Despite its reputation for history, food and wilderness, Tasmania has a lot more to offer than just stunning scenery. For those up for a bit of adventure, you can enjoy activities such as jet boating, rafting, sea kayaking, caving, abseiling, hang gliding, mountain biking, all-terrain touring and more.
Tasmania's spectacular surrounds inspire a talented range of creative locals who make the most of their environment with woodwork, photography, sculptures, painting and more. There are a number of working studios, shops, markets and galleries throughout the state where you can see this artwork firsthand.
Tasmania is famous for its trout fishing which is excellent across the state however there are also a number of other fishing hot spots including the Mersey, Liffey, Esk, Elizabeth and the St Clair, Burbury and Peddar Lakes where you'll find bream, whiting, flathead, salmon and even game fish like marlin and tuna.
A foodies delight, Tasmania's fertile soils, mild climate, pristine waters and clean air make it the producer of some of Australia's best fresh seafood, fruit and vegetables, meat, cheeses and wine. With over 200 vineyards across the state, Tasmania is also home to some of the country's oldest breweries.
The temperate climate, rich soil and clear air of Tasmania make for ideal growing conditions, ensuring the state's abundance of beautiful blooms can be enjoyed all year. The famous Royal Tasmanian Botanical Gardens and Woolmers Estate National Rose Garden are popular attractions showcasing over 5000 flowers.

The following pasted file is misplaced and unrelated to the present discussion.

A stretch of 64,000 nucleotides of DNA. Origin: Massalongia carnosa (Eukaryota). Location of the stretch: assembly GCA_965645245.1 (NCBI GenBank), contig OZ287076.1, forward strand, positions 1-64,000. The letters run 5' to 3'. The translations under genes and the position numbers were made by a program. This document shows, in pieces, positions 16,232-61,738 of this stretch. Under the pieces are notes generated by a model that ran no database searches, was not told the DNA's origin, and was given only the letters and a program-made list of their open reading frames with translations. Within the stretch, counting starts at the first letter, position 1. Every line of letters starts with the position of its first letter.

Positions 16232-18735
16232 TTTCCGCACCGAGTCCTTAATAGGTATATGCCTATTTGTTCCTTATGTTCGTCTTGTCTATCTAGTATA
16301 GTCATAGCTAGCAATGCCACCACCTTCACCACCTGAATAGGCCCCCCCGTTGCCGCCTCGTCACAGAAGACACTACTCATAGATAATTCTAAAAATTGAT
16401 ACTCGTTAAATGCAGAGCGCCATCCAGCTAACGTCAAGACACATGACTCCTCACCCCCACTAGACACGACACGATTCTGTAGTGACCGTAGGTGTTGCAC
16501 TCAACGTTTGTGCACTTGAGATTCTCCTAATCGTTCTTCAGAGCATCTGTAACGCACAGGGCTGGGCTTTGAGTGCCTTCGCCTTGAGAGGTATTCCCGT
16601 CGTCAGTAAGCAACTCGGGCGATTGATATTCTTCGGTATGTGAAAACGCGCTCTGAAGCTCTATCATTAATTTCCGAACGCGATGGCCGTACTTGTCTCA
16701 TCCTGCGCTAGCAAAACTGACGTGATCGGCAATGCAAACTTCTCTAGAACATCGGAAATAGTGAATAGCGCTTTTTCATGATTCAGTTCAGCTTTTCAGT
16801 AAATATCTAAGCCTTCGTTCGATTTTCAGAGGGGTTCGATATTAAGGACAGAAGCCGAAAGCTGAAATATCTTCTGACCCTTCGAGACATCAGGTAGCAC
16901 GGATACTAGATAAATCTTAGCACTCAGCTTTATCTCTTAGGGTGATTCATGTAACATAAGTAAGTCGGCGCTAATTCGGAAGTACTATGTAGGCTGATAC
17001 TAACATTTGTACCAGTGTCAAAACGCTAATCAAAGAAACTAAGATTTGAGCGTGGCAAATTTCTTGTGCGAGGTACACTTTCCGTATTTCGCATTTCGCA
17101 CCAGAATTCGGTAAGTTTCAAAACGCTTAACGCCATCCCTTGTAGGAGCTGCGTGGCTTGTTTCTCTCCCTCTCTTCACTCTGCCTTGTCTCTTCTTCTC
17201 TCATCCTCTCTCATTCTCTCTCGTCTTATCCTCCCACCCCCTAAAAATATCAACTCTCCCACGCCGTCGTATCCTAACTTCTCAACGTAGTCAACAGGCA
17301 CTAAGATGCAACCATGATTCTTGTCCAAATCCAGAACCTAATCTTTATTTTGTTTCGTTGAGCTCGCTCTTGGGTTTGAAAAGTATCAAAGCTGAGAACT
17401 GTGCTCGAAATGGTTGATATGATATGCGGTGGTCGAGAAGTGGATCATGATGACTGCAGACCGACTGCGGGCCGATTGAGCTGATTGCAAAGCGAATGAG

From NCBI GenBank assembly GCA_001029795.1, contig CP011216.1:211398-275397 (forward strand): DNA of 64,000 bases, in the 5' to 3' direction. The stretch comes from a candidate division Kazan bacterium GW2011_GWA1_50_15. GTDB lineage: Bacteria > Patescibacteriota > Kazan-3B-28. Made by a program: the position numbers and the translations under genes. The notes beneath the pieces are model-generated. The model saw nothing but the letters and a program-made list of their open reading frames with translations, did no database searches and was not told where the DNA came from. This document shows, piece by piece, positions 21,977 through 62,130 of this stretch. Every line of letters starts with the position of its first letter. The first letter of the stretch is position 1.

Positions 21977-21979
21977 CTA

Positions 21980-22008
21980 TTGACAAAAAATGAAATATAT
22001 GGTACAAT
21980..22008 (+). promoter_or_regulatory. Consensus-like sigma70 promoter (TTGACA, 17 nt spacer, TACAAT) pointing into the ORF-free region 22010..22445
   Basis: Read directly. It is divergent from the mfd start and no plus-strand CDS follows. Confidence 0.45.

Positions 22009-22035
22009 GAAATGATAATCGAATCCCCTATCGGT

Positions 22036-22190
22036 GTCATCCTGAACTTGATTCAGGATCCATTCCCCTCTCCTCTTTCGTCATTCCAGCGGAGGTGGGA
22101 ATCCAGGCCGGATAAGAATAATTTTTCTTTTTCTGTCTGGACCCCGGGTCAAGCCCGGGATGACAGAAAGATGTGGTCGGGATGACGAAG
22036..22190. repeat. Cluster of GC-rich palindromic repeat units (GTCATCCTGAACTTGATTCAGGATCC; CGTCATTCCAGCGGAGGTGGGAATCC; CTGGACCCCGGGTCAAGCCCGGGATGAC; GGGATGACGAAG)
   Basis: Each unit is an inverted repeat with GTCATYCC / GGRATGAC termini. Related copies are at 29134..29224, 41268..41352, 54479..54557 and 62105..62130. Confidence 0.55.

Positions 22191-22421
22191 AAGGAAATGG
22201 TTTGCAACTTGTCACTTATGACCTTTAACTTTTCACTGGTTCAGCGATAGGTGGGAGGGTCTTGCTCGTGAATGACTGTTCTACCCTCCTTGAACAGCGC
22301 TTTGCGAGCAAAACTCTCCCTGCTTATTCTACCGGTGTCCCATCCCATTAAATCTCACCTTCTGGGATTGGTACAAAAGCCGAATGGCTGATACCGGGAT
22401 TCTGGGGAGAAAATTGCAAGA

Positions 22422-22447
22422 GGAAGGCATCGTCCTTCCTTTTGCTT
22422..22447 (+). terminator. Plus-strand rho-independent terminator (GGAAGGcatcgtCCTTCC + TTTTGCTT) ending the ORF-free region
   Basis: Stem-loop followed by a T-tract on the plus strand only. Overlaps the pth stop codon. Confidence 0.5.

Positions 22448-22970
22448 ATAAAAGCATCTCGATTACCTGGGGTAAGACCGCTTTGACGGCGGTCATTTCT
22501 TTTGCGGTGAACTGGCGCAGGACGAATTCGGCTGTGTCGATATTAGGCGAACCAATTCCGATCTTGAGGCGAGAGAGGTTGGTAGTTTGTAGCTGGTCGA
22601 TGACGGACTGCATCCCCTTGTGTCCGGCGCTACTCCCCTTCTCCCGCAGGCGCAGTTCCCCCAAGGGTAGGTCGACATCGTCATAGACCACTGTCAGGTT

A relaxing way to spend your time in Tasmania, the state is home to more than 80 golf courses including 11 18-hole and championship courses. There are also a number of unique 9-hole courses scattered throughout the state offering challenging shots including a lob to the other side of deep ocean chasm.
The second oldest settlement in Australia, Tasmania is rich in heritage and history. The state's convict past as well as European settlement, Georgian architecture and strong mining history are all showcased in a number of attractions as is the ancient Aboriginal culture that pre-dates the region by some 10,000 years.
More than a third of Tasmania is made up of national parks, reserves and protected areas at least 17 of which are accessible to visitors. With over 2000km of walking tracks, highland lakes, underground cavers and spectacular rugged coastline, these forests and World Heritage areas are popular tourist attractions.
Regarded as one of the best walking destinations in the world, Tasmania's compact size makes it easy to navigate on foot. Thanks to hundreds of easily accessible walking tracks, you can truly appreciate the state's stunning landscapes as you stroll through mountains, forests, coastline, beaches and more.
Tasmania is home to a wide range of wildlife including native kangaroos, wombats, platypus, quolls and the unique Tasmanian devil. In the northwest, Latrobe is the best place to spot the local wildlife while Freycinet, Mt William and the Narawntapu Parks are ideal for spotlighting nature walks.
Explore Tasmania's most popular attractions by region and see what's available to experience in your chose holiday destination. The ideal way to plan your time and itinerary in Tasmania, these attractions are split up into region groups allowing you to make the most of your time in each part of the state.